Brian Eno’s Windows95 startup sound slowed down 23x.
"The thing from the agency said, "We want a piece of music that is inspiring, universal, blah- blah, da-da-da, optimistic, futuristic, sentimental, emotional," this whole list of adjectives, and then at the bottom it said ‘and it must be 3.25 seconds long.’" — Brain Eno, June 2 1996
Yesterday I was quoted at the end of a New York Times article on Facebook’s failed attempt to acquire Snapchat.
In an e-mail to Jenna, I wrote:
I think the most interesting thing is that they even considered acquiring what is essentially the antithesis of Facebook—an anonymous/pseudonymous and ephemeral community.
Does that mean that they’re willing to accept/embrace an alternative to Facebook identity, or does it mean that they feel *that* threatened by it that they’d leave their own wheelhouse?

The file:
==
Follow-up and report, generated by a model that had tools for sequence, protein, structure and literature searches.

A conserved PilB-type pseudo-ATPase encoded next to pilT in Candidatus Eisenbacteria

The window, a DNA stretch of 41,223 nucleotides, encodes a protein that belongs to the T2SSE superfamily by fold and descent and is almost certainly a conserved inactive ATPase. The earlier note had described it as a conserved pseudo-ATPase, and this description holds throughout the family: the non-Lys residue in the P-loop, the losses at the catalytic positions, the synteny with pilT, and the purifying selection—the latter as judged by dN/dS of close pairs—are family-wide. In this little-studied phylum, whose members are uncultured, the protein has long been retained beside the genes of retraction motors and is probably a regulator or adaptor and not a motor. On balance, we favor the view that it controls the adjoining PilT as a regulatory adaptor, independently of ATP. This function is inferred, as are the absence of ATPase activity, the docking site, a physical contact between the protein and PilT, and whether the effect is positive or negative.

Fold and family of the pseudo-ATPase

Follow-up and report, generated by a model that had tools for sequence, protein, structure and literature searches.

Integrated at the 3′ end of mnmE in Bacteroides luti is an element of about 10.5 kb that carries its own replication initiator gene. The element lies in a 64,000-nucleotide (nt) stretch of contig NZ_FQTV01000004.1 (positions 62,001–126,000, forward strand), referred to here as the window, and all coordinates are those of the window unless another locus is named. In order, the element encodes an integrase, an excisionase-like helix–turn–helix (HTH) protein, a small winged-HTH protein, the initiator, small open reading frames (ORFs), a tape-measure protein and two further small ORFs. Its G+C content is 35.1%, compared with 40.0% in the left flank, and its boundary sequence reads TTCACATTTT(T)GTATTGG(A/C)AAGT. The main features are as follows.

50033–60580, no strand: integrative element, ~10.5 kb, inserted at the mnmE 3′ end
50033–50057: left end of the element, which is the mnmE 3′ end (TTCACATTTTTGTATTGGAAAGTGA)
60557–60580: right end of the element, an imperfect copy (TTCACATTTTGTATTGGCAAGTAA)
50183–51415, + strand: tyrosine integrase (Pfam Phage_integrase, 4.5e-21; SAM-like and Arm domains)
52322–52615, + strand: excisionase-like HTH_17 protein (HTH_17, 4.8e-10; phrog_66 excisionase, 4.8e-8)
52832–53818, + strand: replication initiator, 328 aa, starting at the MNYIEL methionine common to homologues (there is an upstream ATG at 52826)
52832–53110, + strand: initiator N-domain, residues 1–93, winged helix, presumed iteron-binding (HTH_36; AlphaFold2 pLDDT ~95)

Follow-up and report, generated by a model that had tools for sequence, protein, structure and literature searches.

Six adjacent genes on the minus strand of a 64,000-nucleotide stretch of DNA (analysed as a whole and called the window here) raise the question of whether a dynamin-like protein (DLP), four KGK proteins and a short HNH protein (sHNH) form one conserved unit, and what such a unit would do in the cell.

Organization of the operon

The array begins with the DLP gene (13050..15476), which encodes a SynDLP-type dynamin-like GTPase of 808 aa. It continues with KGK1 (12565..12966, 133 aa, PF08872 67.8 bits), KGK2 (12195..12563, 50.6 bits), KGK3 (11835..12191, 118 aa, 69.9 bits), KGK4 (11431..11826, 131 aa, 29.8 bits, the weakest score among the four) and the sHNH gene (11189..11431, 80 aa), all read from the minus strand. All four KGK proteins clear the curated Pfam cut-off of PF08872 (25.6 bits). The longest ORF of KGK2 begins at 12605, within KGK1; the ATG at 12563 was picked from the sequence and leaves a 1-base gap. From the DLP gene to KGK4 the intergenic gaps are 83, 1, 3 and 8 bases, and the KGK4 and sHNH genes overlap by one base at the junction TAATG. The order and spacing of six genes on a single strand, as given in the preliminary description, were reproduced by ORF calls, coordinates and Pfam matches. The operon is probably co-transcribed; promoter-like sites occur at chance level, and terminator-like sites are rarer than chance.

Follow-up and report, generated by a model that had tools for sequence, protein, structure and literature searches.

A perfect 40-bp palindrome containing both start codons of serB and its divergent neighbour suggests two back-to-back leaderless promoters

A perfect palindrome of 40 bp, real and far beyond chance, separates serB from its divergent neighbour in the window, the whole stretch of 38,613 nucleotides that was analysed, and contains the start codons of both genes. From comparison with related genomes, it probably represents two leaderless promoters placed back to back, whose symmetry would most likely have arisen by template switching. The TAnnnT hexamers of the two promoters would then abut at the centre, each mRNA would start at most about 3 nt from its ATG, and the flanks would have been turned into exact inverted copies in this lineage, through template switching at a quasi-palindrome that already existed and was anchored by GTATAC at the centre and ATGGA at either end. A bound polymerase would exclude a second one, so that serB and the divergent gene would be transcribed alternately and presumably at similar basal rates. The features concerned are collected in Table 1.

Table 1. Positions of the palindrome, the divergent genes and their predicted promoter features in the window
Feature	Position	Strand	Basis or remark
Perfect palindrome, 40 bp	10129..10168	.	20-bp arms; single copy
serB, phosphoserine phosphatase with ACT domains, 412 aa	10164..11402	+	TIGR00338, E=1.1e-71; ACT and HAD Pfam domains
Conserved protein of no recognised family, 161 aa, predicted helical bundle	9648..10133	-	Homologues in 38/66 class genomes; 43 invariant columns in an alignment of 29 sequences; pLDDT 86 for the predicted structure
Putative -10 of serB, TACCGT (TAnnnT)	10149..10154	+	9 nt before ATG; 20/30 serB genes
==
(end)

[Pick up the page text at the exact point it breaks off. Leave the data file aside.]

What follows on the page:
We are searching for meaning. We are searching for love. We are searching for a connection. We are searching for things. We are searching for something. Search is such a primal human need. Google, for once has managed to capture the essence of search.
It doesn’t matter what you do, if you care enough it becomes art.
What Orwell feared were those who would ban books.
What Huxley feared was that there would be no reason to ban a book, for there would be no one who wanted to read one.
Orwell feared those who would deprive us of information.
Huxley feared those who would give us so much that we would be reduced to passivity and egoism.
Orwell feared that the truth would be concealed from us.
Huxley feared the truth would be drowned in a sea of irrelevance.
Orwell feared we would become a captive culture.
Huxley feared we would become a trivial culture.
In short, Orwell feared that what we fear will ruin us.
Huxley feared that what we desire will ruin us.
Neil Postman on George Orwell vs. Aldous Huxley and culture of distraction